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Anything but typical: A day in the life of an Accion Ambassador

I think it is important to note that the typical day in my life as an Accion Ambassador is anything but typical. My day starts at about 6a.m., when I wake up. I usually get to work between 8 and 8:30 a.m. Once I get in, I create a list of things I would like to accomplish for the day. Some typical items on the list – going on client visits, visiting staff at branches, meeting with loan officers and branch managers, meetings with management, etc – are usually remnants from previous days.

On a day I am to visit branches, I plan to leave the office at 9 a.m., but the company driver is usually not ready till after 10 a.m. because he is probably on assignment and had to fight the incessant Lagos traffic to return. As I step out of the air-conditioned Accion Microfinance Bank (AMfB) building, I am instantly hit with the Lagos heat. I also take in the air and sound pollution fueled by the never ending Lagos hustle and characterized by honking cars in traffic, booming generators, and seemingly countless street vendors and pedestrians. I am to spend the next few hours taking all this in while I visit several AMfB branches.

Our driver, Fred (name disguised), then takes me from one branch to another so that I can interview AMfB customers and staff. Different branches exhibit different personalities – for example, the Ikeja branch is big, with a spacious waiting area while the Akowonjo branch could use some more space. The one thing that is constant in every branch I visit, however, is the constant activity in the bank. There are always customers in the waiting areas; staff swiftly pacing all over the bank; and people constantly coming in and going out. On the way back to AMfB headquarters, I patronize a street vendor selling gala – a popular Nigerian snack made with baked dough filled with sausage.

I return to AMfB headquarters at about 3:30 p.m. after having spent most of my day in traffic. It is now time to review my list of tasks for the day and check items off, but not before I am greeted with small chops – a small aluminum wrapped container filled with snacks, like spring rolls, samosas, fried plantain, puff-puff, and a couple of pieces of meat. At this point, I am wishing I had not purchase the gala.

One interesting thing about AMfB is how family oriented the work environment is. Every week since I started work, we have celebrated at least one person’s birthday with the distribution of small chops and complete meals. I also enjoy the open door policy of everyone, including the Managing Director. I have literally walked into her office without an appointment to ask questions about my project. But, perhaps what is most special about AMfB is the sense of purpose that has been distilled into the daily activities that the staff engages in. It truly is special.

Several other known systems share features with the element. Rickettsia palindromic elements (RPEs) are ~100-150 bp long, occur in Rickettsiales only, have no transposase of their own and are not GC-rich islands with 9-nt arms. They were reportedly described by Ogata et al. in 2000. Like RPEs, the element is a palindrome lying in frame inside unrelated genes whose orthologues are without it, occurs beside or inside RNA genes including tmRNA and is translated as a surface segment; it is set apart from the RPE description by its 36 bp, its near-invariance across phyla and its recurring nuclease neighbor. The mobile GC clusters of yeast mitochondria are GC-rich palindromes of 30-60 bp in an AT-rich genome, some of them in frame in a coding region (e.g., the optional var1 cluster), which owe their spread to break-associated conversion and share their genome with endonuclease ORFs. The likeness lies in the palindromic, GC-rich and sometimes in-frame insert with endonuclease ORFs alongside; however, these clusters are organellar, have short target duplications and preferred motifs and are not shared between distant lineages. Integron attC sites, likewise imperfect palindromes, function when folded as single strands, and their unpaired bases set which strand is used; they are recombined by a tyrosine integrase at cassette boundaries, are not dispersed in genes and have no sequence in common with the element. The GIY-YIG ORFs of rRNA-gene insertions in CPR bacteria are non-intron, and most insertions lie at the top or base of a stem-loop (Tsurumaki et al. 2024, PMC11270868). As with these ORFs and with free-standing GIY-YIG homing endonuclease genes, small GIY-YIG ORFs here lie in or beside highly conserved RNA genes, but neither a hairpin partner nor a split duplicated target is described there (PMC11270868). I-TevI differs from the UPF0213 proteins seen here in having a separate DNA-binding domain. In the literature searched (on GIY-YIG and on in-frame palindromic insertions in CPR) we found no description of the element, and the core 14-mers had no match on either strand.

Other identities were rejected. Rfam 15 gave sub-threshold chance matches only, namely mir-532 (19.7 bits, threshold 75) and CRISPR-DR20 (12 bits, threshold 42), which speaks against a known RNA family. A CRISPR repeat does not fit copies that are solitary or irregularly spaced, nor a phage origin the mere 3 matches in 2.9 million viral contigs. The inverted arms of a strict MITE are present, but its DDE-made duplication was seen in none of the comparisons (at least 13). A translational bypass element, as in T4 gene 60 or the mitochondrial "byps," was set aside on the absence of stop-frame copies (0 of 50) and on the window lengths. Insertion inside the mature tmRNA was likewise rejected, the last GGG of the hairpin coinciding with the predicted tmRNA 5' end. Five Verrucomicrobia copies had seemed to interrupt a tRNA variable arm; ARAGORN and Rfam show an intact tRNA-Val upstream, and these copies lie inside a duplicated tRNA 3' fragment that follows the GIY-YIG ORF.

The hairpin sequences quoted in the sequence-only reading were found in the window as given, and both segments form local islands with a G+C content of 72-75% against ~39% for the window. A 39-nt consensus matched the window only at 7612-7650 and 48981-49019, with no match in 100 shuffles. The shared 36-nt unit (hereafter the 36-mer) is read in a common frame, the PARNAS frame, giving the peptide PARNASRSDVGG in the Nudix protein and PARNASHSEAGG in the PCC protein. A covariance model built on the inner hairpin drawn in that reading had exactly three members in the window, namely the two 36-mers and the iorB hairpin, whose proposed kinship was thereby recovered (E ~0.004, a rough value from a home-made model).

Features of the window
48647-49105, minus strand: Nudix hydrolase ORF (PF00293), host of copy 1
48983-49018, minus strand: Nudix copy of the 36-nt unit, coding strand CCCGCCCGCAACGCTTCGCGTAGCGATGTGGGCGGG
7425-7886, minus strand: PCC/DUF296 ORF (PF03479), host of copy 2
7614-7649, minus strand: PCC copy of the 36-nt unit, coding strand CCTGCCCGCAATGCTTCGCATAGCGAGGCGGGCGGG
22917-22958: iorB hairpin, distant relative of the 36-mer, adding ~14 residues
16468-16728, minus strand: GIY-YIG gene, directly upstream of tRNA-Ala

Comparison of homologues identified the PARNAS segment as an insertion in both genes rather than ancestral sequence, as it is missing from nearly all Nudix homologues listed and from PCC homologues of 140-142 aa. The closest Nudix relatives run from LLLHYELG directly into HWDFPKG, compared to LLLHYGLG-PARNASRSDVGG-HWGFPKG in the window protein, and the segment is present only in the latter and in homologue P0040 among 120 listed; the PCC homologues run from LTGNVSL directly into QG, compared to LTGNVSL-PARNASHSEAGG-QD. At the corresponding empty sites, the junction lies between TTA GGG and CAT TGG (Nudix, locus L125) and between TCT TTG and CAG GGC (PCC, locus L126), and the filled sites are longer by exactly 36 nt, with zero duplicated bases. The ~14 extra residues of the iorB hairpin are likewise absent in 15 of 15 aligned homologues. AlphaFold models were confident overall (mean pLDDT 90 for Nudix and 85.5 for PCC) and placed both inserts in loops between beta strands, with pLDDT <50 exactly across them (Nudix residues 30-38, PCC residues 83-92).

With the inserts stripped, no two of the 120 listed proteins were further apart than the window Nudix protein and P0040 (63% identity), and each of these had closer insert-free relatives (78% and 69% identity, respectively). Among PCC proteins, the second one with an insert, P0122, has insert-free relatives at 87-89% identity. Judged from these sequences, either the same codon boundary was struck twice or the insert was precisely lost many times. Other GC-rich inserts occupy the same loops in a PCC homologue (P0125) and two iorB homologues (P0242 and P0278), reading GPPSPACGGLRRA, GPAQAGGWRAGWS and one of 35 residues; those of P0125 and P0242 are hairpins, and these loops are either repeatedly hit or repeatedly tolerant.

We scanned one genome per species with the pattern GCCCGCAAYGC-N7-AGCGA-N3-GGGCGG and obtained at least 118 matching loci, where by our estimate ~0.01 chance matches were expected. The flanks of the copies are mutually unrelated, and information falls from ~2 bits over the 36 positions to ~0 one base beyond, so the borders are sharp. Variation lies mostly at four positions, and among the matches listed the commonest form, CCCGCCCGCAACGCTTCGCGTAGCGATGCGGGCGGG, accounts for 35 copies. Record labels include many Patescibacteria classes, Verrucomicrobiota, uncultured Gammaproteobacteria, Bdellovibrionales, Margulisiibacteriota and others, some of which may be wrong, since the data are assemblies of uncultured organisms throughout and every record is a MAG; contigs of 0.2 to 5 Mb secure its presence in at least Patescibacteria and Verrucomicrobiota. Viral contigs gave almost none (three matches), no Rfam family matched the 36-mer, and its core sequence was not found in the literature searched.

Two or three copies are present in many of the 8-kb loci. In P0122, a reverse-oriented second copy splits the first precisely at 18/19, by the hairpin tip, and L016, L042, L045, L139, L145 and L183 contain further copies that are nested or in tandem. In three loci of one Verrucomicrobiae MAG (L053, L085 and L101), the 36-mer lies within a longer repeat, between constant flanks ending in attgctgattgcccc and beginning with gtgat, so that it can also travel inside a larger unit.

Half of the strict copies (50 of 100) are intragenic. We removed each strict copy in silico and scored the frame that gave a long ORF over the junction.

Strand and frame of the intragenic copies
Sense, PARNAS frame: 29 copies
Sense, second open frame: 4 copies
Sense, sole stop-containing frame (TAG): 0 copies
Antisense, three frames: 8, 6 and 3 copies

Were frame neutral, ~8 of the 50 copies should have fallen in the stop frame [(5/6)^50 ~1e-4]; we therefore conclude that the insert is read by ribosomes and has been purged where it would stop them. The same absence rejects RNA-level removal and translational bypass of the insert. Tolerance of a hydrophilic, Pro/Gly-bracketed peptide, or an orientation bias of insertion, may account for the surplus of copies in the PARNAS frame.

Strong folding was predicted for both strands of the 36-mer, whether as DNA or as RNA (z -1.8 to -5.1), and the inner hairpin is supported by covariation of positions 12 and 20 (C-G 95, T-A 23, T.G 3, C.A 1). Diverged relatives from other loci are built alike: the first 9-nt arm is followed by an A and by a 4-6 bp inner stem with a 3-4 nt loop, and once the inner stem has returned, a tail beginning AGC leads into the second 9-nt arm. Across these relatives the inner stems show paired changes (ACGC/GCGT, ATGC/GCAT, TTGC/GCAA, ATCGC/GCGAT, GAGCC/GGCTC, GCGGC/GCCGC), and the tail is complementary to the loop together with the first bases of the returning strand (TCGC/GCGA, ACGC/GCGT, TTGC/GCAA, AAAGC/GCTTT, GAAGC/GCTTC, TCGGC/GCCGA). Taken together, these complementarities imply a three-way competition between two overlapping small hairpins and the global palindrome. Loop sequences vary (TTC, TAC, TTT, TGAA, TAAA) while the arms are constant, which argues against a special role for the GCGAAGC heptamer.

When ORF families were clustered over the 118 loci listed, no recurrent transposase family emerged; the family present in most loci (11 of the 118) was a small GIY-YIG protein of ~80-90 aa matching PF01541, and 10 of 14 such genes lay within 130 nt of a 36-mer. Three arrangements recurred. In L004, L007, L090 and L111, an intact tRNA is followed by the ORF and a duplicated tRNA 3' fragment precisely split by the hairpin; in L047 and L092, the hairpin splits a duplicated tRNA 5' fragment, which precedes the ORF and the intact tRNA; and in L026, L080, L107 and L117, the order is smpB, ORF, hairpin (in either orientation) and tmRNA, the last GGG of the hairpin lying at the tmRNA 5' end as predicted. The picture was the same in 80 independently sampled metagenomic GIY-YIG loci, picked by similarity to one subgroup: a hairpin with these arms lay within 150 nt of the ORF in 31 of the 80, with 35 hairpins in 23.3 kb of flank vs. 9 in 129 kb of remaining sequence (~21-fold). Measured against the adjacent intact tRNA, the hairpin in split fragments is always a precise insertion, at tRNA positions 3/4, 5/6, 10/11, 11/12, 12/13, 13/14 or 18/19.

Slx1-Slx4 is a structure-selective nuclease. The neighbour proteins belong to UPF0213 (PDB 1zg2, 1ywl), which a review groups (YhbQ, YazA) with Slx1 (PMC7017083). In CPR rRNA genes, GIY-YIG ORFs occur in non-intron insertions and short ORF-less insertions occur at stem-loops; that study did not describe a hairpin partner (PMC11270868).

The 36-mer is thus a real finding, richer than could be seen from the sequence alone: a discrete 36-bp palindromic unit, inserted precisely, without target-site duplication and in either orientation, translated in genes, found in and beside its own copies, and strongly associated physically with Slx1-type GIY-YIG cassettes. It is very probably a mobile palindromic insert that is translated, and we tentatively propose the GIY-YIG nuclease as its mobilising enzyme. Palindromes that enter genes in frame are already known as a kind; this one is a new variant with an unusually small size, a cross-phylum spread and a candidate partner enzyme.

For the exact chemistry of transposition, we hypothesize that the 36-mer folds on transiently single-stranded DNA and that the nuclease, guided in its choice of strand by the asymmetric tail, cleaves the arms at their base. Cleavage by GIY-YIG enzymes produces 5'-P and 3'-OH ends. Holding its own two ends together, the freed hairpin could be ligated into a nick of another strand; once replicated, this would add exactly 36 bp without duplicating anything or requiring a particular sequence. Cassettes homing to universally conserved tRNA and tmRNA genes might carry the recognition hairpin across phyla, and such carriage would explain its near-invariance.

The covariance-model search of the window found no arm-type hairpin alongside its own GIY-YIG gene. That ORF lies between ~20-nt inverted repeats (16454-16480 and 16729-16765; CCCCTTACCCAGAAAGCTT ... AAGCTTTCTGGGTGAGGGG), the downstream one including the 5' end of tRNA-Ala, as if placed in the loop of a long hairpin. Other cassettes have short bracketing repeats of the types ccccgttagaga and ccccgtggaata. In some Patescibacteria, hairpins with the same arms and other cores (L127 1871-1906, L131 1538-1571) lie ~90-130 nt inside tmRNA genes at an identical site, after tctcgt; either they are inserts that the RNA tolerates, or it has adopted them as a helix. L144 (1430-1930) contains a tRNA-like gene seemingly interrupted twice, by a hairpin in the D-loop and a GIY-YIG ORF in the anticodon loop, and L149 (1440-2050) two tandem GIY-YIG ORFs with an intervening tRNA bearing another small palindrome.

My day usually ends promptly at 5 p.m. so that I do not keep our family driver waiting too long in the unpaved parking lot next to the AMfB building. In my many conversations with him, I recognize that he also has a life, and family, and dreams, and perhaps someday, he could be an AMfB client. Continue reading

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Lending Ladies: A story of female loan officers in India

Sipping chai in the one room Wadala branch office, Pratibha completes her morning paperwork before lifting her wiry glasses and swinging a plastic chair around the table. Two ceiling fans buzz tirelessly overhead to fend off the intruding humidity as she cheerfully explains her daily routine.

Although the industry has evolved to empower women, Pratibha is one of the very few female loan officers employed by Swadhaar FinServe Pvt. Ltd. (SFPL).

SFPL loan officer Pratibha outside the Wadala branch office.

SFPL loan officer Pratibha outside the Wadala branch office.

The SFPL portfolio includes over 96,000 active clients and spans across four states – Gujarat, Maharashtra, Madhya Pradesh and Rajasthan. Of the 436 people employed by SFPL as of May 2014, only 22% were female (including head office and administrative staff). Women were better represented in Maharashtra (28%), but only accounted for 12% of staff at SFPL’s smallest operation in Rajasthan.

Although Swadhaar gives equal opportunities to women employees and encourages them to join, very few women opt for loan officer position and this trend isn’t limited to SFPL. The same is true for other organizations across India.

Being a loan officer is undoubtedly a demanding job. (Great loan officer profiles can be found here and here.) Spending 12 straight hours away from home, in the boiling heat. Speaking with total strangers in semi-unfamiliar neighborhoods. Carrying around large sums of cash payments. Continue reading

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Hannah Fosu’s success in Accra’s Tudu market